Now you’ve got all your dng files using the exact same Develop settings as your original Fuji raw files, and you’ve got the correct profile applied to everything.

When I started using DxO PureRaw 2 I found that all the imported dng files were noticeably warmer in colour than the raw files, and sometimes a little greener in tint. Even if I ‘reset’ both the raw and the dng to be absolutely sure all settings are equalised (which they were already, but just to be sure), there was a noticeable difference.

Lately, I’ve found the difference isn’t as profound, so it’s possible my many (many!) emails to their support team resulted in a fix.

If you’re seeing the issue, here’s a sort-of workaround that seems to work for most images: a single click on the ‘Make Cooler’ button, and the ‘Make More Magenta’ button, in Quick Develop.

And fortunately, because we’re using the ‘relative’ controls in Quick Develop rather than the ‘absolute’ controls in Develop, we can batch adjust all the dng files like this.

But, like I say this issue seems to be much reduced lately.

DxO PureRaw 2 lens correction doesn’t work at all for some lenses (update: fixed)

DxO PureRaw 2 plugin for Lightroom only has a couple of settings you can turn on or off: one for distortion controls, one for detail. Whatever settings the plugin is set to improve it obviously needs to disable those settings in LR so they don’t double up. Makes sense.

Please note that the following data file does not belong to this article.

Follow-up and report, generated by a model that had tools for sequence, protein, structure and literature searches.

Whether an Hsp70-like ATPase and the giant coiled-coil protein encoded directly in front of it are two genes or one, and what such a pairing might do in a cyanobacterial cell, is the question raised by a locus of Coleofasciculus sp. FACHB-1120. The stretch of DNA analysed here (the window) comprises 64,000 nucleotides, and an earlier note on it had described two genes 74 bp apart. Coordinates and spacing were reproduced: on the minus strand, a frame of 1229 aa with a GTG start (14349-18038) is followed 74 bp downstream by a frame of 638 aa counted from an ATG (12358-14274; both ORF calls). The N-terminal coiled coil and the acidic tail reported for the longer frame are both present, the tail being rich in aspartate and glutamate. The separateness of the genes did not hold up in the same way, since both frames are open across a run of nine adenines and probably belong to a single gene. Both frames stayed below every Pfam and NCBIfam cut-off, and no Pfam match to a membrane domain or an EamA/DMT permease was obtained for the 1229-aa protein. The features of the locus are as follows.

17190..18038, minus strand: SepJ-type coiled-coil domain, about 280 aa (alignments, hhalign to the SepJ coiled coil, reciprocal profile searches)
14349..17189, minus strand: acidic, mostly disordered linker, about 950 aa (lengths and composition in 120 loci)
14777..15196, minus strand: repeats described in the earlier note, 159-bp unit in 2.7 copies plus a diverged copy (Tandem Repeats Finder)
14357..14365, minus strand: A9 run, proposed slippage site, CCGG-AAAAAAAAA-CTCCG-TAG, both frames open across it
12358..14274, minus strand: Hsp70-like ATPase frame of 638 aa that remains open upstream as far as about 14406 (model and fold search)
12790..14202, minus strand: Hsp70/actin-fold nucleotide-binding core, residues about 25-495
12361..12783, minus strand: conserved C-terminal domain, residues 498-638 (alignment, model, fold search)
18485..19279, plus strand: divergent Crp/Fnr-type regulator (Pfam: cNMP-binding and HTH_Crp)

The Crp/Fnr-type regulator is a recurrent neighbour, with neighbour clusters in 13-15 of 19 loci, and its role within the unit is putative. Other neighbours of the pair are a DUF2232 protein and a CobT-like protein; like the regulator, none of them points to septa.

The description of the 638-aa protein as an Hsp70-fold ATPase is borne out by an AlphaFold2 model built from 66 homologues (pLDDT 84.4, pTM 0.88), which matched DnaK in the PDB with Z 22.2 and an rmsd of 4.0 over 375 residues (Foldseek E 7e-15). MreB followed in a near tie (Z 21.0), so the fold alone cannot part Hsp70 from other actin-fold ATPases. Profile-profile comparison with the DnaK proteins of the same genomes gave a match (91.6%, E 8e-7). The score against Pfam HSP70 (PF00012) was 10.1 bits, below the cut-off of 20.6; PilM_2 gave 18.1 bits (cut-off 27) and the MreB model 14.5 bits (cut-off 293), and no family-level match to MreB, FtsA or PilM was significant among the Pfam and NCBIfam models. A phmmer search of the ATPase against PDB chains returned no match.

I don’t have any distortion or other lens correction settings turned on in Lightroom. Usually, what I see in the EVF and on the LCD matches what I see when I import to LR. That is to say, if I line up a shot with perfect verticals and horizontals in-camera, it’ll look like that in Lightroom with all sliders and settings zeroed out or turned off.

Still, I figure DxO is impressive enough with detail, so I let it handle lens corrections too.

Normally, the first time you run DxO PureRaw 2 it’ll download a profile for the lenses it’s not been used on before.

But when I first started using DxO PureRaw 2 with my Fuji files I noticed it didn’t have a profile for the new Fuji 23mm f/1.4 Mark 2.

For example, wipe between two versions of this image shot on the 23mm Mk2. It’s not the greatest shot in the world by any means, but it shows the problems perfectly.

It compares my own raw file pre-DxO (with my own detail settings turned on, and default Lightroom lens correction settings) and the file that DxO PureRaw 2 produced (with distortion/lens corrections and detail corrections both activated).